Population-Based 20-Year Survival Among People Diagnosed With Thin Melanomas in Queensland, Australia
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Purpose The 20-year survival rates are unknown for the majority of melanoma patients-those with thin melanomas. We determined 20-year survival rates of patients diagnosed with thin melanomas ( 1.00 mm) in the general population and also determined the main prognostic factors. Patients and Methods Available clinical and histologic data from the Queensland Cancer Registry were obtained for all patients diagnosed with a single thin invasive melanoma from 1982 to 2006 and matched against national death registration data. Melanoma-specific survival estimates to December 31, 2007, were assessed, and subgroup differences in prognosis were determined by fitting multivariate Cox proportional hazard models. Results Among 26,736 people in the state of Queensland diagnosed with thin melanomas, the 20-year survival was 96%. The most influential determinants of prognosis were tumor thickness 0.75 mm (adjusted hazard ratio [HR], 4.33; 95% CI, 2.8 to 6.8 compared with tumors 0.25 mm) and patient age at diagnosis older than 65 years (HR, 2.8; 95% CI, 1.8 to 4.5) compared with age younger than 25 years. Acral lentiginous and nodular tumors, male sex, tumor site on the scalp or neck, or tumor invasion of the entire papillary dermis each independently increased the risk of dying from thin invasive melanoma. Conclusion The outlook for patients with thin invasive melanoma is positive, although continued clinical vigilance is warranted for patients with nodular melanoma and those with the thickest tumors.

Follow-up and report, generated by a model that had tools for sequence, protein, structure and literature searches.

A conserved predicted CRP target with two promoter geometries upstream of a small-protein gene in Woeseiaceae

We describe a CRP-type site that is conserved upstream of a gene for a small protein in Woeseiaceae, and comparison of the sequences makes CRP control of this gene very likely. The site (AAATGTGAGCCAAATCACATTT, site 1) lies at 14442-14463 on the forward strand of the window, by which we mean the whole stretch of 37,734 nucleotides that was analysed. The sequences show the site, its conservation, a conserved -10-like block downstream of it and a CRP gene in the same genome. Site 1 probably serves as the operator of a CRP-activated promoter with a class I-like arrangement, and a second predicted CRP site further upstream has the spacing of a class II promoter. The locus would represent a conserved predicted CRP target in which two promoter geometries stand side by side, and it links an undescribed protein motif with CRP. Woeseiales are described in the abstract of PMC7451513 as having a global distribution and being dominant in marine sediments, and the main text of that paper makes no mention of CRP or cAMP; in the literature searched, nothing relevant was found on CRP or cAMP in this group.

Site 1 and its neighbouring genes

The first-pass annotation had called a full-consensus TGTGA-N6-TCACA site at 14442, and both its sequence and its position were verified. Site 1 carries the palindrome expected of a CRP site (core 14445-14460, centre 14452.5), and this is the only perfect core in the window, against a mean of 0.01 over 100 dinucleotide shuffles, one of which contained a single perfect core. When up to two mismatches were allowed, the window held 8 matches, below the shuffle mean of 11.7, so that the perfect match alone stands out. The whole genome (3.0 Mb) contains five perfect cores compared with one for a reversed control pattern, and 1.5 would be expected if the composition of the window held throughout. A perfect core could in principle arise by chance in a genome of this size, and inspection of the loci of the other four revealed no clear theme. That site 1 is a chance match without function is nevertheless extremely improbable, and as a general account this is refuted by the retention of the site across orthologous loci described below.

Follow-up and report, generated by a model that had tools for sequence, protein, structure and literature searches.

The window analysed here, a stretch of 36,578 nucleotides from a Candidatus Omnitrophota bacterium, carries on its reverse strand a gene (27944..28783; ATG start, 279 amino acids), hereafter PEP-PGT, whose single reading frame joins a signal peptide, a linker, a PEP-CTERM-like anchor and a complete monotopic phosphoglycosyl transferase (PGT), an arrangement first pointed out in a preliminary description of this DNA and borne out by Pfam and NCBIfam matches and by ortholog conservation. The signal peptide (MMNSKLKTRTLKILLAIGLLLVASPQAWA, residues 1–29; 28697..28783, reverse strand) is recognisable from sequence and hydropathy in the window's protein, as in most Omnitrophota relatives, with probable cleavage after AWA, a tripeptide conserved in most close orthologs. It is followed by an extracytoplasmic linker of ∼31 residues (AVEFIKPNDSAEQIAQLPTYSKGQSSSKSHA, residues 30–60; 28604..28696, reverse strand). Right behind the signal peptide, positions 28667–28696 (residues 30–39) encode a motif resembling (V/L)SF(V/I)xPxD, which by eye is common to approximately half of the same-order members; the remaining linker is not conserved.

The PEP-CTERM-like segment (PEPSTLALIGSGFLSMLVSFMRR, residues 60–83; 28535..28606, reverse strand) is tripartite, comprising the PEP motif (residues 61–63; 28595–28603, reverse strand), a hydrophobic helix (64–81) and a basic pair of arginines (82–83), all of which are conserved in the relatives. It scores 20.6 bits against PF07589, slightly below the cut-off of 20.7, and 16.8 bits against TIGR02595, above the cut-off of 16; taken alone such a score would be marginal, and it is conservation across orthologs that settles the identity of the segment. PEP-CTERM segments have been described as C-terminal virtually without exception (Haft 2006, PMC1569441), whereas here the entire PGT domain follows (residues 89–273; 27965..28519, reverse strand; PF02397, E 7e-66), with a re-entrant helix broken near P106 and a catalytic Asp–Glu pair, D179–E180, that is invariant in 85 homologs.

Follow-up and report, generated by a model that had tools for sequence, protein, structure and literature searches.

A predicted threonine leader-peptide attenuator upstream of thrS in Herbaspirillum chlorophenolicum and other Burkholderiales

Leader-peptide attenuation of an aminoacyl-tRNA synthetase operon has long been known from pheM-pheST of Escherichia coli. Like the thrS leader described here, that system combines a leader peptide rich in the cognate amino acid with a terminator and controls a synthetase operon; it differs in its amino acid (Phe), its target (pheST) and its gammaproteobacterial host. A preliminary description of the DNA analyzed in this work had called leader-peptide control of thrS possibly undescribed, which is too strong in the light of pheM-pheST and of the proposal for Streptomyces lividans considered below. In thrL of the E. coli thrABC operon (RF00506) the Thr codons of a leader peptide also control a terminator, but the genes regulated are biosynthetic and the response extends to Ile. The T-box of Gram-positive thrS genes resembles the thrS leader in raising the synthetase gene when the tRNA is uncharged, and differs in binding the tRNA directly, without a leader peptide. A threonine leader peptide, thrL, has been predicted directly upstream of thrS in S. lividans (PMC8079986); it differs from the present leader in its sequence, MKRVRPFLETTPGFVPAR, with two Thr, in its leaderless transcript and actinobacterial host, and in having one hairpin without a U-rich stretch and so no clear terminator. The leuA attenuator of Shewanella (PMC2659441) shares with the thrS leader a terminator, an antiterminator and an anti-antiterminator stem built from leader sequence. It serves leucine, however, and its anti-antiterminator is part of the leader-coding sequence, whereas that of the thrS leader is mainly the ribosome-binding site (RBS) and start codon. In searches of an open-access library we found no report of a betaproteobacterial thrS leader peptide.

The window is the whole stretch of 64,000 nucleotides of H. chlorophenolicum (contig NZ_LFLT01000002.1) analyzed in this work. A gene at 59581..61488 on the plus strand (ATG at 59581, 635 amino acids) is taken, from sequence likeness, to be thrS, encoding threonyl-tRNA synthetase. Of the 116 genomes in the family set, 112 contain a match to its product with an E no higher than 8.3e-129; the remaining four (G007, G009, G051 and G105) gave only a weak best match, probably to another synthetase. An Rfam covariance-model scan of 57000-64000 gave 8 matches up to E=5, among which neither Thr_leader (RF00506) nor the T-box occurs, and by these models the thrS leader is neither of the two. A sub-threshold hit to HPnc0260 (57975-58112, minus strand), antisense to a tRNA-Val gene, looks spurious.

Journal of Clinical Oncology
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Oncology and Carcinogenesis not elsewhere classified